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With Great Music Comes Great Responsilibity!

Beth Colquhoun ponders the age-old question of whether or not listening to music can actually help your studies...

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Image Credit: Interpreture - Spotify Study List

Blacklisted words: revision, exams, due date, dissertation.

It’s spring and although the blossom and baby ducklings are a beautiful backdrop to our towns; for students this is all a vicious, solitary time. Spring only spells the build up to exam season. So, the panic sets in and adrenaline rushes to the get smart quick schemes.

Playing your revision notes to yourself in your sleep after spending hours recording them into your phone. Highlighting every key point and realising the page is now luminous pink. Or steering down a different highlighter avenue and colour coding EVERYTHING. Did that really need to take two and a half hours? Yet, the decades old traditional habit for revision is, in fact, music.

Music might be the lure needed for procrastination.

Revising with the accompaniment of music may not be so much a harmonious orchestra, but more an experimental free jazz set. Now, nothing is entirely wrong with free jazz, but it can be hard to follow. Equally, the presence of music when trying to focus can make things hard to follow.

The music, as beautiful and catchy it may be, entices and entertains part of your brain when learning. Engaging in music uses the cerebellum and memory centres such as the hippocampus and frontal lobe, that would otherwise be active when studying in order to retain information. Blocking these pathways makes revising more difficult than it needs to be, and only elongates the entire process.

Photo: Vita Student Twitter1549

Whilst soaking up this week’s heatwave, I write this to the soothing sounds of Nina Simone. Her beautifully developed vocal range and melodic jazzy tunes have my foot tapping and my head bobbing. It would seem I am having a good time, and admittedly it is lovely.

Undeniably I am writing slower, and more prone to distractions such as the unexpected arrival of the Mambo Number 5 on my playlist, but greater than this, it is probably taking me twice as long to write this piece than it should.On the other side of the fence are the firm believers of music with revision.

Our love for music outshines anything else

I don’t struggle with procrastination, but my mind does wonder when studying. Music, therefore, acts a deterrent to these thoughts, keeping me motivated and working with momentum on would otherwise be a difficult trek. When the music plays my mind knows it is study time, yet to a more easily distracted mind this might be the lure needed for procrastination.

Evidently from experience the type and genre of music is a major factor in distraction. The Mozart Effect was a study in the late 1990s that linked to the improvement of spatial-reason after exposure to ten minutes of Mozart. For me, I would echothe stereotypical classical music listener a form of sorts of Stephen Fry. Channelling this persona has proved helpful before speeches, this is not permanent and before long you are yourself again and struggling with basic calculations – using your calculator for sums such as 2 x 3…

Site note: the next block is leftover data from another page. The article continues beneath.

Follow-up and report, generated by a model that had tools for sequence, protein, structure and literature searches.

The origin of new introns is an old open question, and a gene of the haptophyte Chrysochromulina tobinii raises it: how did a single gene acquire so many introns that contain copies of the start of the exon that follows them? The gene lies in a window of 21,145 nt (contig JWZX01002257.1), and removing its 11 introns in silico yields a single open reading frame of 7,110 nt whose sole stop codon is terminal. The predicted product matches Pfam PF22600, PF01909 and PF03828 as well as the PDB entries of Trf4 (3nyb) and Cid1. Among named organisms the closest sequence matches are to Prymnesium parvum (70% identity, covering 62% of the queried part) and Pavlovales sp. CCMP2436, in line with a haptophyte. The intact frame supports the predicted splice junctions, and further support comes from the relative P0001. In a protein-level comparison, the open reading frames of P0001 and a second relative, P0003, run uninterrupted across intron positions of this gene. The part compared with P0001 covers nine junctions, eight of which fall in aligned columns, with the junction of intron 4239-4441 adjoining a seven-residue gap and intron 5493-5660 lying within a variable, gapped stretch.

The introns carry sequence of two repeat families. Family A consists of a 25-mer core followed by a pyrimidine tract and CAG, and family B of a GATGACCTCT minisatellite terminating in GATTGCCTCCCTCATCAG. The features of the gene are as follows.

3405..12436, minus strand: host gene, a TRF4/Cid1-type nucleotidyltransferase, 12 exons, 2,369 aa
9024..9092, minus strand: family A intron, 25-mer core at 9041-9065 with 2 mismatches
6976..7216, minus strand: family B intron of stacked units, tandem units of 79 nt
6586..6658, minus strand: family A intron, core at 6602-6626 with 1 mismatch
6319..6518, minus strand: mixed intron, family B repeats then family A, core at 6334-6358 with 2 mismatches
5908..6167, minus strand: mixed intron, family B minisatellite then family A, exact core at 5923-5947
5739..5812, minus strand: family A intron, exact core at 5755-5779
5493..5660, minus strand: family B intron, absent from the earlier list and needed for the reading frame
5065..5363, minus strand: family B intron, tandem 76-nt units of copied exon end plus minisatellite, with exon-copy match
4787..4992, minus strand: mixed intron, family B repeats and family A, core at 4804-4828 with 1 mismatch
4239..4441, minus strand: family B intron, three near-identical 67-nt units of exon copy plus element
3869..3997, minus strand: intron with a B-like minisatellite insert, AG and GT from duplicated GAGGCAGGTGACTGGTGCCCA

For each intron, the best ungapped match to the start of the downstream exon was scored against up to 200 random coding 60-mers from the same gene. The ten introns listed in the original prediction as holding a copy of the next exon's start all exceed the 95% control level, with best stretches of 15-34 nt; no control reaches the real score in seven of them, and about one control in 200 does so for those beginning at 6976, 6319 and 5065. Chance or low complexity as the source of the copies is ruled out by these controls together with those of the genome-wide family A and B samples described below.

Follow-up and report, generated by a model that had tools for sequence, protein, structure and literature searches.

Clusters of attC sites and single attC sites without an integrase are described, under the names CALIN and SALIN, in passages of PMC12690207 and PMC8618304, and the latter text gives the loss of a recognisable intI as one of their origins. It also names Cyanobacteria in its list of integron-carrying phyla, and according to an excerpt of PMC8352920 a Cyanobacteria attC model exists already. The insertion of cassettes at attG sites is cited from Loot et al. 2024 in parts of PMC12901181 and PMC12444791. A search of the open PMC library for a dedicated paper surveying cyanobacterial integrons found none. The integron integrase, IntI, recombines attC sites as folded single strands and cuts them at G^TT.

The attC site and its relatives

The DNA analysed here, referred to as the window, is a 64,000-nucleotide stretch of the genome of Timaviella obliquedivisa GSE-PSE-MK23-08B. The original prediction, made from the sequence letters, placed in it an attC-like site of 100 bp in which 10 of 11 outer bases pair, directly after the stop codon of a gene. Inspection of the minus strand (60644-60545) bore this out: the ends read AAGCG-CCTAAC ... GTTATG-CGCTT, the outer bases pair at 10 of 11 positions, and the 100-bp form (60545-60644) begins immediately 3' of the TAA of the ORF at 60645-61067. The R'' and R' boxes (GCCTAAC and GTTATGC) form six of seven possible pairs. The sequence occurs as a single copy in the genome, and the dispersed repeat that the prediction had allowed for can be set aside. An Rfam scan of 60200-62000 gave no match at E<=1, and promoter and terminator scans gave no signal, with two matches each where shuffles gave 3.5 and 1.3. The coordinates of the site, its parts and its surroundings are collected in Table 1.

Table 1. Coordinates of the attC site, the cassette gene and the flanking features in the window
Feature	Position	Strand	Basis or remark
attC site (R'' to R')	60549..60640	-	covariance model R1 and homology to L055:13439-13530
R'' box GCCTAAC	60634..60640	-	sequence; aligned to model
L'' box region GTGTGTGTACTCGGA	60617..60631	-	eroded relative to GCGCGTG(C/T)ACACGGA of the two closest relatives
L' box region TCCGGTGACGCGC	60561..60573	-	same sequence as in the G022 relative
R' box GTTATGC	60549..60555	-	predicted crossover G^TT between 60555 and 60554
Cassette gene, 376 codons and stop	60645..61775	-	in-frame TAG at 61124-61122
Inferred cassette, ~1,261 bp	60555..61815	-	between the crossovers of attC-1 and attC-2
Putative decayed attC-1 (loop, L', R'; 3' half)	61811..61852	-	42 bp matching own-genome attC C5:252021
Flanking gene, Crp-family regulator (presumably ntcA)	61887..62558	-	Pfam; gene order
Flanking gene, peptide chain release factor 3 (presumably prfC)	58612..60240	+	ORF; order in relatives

Photo: - Wolfgang Mozart1547

The solution here is to listen to yourself.


But only you can know how you study. When I was a young warthog in seniors’ school it was popular for all students to undergo a test that would formulate what brand of learning works best; whether that be oral learning, visual learning or auditory – one of our senses would be a stronghold to build our revision on top of.

My results?

As it turned out, I had equal scores on each faction of the learning spectrum, so where did that put me? It placed me in the wonderful section of the ignored students.

That being said, I started a long and timely process of trial and error before finding my revision style changed depending on my mood and emotion. Feeling like a spiritual guru, I had found that my study style would depend on the day, therefore, I would have different techniques in place to suit my mood. This ranged from sitting down with a text book and underlining notes to sticky notes making a Cavallini mosaic across the walls of my bedroom.

Unless we want to get all mystic yoga about things, music and revision can only be specified as a partnership both good, bad and ugly. It is up to us how we manage it. Music like everything else can become addictive, a crutch. But it is also freeing and joyous. It is up to us not to abuse music.

That feeling you get when you listen to a song that has been your alarm for the past few months. It’s almost song abuse. But we do it because our love for music outshines anything else. Although, with great music comes great responsibility.

Four tips for revising responsibly:
I. Take decent and lengthy breaks. A good time to relax and meditate on your work - and is
just as important as your revision!
II. Drink plenty! Snacks are also advisory.
III. If you’re easily distracted try music without lyrics or ease yourself into revision with music for the first half an hour!
IV. Don’t overwork yourself. Not everything has to be done today. Take it easy, stressing out only blocks
those memory pathways!


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